March 2, 2017
The term sciatica describes the symptoms of leg pain—and possibly
tingling, numbness, or weakness—that originate in the lower back
and travel through the buttock and down the large sciatic nerve
in the back of each leg.
Sciatica (pronounced sigh-at-eh-kah) is not a medical diagnosis in
and of itself—it is a symptom of an underlying medical
condition. Common lower back problems that can cause
sciatica symptoms include a lumbar herniated disc, degenerative
disc disease, spondylolisthesis, or spinal stenosis.
What is sciatica nerve pain?
Sciatica is often characterized by one or more of the
• Constant pain in only one side of the buttock or leg
(rarely in both legs)
• Pain that is worse when sitting
• Leg pain that is often described as burning, tingling, or
searing (versus a dull ache)
• Weakness, numbness, or difficulty moving the leg, foot,
• A sharp pain that may make it difficult to stand up or
• Pain that radiates down the leg and possibly into the foot
and toes (it rarely occurs only in the foot)
Sciatic pain can vary from infrequent and irritating, to
constant and incapacitating. Symptoms are usually based on
the location of the pinched nerve. While symptoms can be
painful and potentially debilitating, it is rare that permanent sciatic nerve damage (tissue damage) will result, and spinal cord
involvement is possible but rare.
The Sciatic Nerve and Sciatica
The sciatic nerve is the largest single nerve in the body and is made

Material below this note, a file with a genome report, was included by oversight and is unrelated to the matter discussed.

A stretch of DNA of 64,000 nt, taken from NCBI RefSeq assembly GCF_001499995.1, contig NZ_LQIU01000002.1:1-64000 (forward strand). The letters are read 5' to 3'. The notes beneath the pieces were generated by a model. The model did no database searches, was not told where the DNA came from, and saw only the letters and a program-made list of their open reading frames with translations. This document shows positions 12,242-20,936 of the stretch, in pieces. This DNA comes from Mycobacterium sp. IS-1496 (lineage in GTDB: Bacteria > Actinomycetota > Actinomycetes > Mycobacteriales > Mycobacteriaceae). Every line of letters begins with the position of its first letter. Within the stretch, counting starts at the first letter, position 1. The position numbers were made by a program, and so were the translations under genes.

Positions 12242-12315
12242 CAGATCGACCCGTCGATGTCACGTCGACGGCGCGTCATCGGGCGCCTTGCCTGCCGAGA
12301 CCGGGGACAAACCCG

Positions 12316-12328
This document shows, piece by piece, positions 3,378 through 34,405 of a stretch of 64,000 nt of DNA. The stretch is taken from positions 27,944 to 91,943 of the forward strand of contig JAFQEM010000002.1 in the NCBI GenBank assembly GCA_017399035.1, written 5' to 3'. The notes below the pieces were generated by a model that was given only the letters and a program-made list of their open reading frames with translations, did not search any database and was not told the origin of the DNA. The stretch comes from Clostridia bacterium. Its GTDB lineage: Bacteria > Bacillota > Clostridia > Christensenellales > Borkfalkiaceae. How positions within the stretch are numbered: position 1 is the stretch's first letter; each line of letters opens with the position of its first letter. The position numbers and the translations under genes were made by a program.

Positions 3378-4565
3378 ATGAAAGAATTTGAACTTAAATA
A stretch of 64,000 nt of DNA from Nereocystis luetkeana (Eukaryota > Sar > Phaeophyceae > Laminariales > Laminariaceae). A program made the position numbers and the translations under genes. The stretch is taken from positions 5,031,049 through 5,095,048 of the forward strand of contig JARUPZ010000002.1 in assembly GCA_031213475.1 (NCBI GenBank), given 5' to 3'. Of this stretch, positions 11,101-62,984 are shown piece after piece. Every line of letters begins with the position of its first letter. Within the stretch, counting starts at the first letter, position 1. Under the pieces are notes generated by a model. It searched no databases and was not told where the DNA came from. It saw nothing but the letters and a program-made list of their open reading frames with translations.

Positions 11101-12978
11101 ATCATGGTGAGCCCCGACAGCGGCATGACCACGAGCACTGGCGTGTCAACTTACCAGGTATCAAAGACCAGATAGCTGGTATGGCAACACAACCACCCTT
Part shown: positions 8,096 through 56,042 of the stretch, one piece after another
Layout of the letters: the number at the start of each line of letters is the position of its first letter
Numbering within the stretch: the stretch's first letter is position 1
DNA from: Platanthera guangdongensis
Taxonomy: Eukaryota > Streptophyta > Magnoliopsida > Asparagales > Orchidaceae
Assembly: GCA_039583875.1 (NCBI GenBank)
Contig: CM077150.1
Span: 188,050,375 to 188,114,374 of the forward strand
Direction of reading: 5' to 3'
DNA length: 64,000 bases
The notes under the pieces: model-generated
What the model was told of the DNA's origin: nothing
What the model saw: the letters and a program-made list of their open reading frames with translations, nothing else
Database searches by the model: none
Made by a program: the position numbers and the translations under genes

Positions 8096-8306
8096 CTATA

up of individual nerve roots that start by branching out from the
spine in the lower back and then combine to form the “sciatic
nerve.” Sciatica symptoms occur when the large sciatic nerve is
irritated or compressed at or near its point of origin.
The sciatic nerve runs from the lower back, through
the buttock, and down the back of each leg.
Portions of the sciatic nerve then branch out in each
leg to innervate certain parts of the leg—the thigh,
calf, foot, and toes. Sciatica rarely occurs before age 20,
and becomes more commonplace in middle age. It is most
likely to develop around age 40 or 50. Perhaps because
the term sciatica is often used loosely to describe leg
pain, estimates of its prevalence vary widely. Some
researchers have estimated it will affect up to 43% of the
population at some point.
Often, a particular event or injury does not cause
sciatica—rather it tends to develop over time. The vast
majority of people who experience sciatica get better
within a few weeks or months and find pain relief with
nonsurgical sciatica treatment, such as regular care from
an experienced chiropractor. If you or someone you know
thinks they may have sciatica, make an appointment with a HealthSource chiropractor immediately.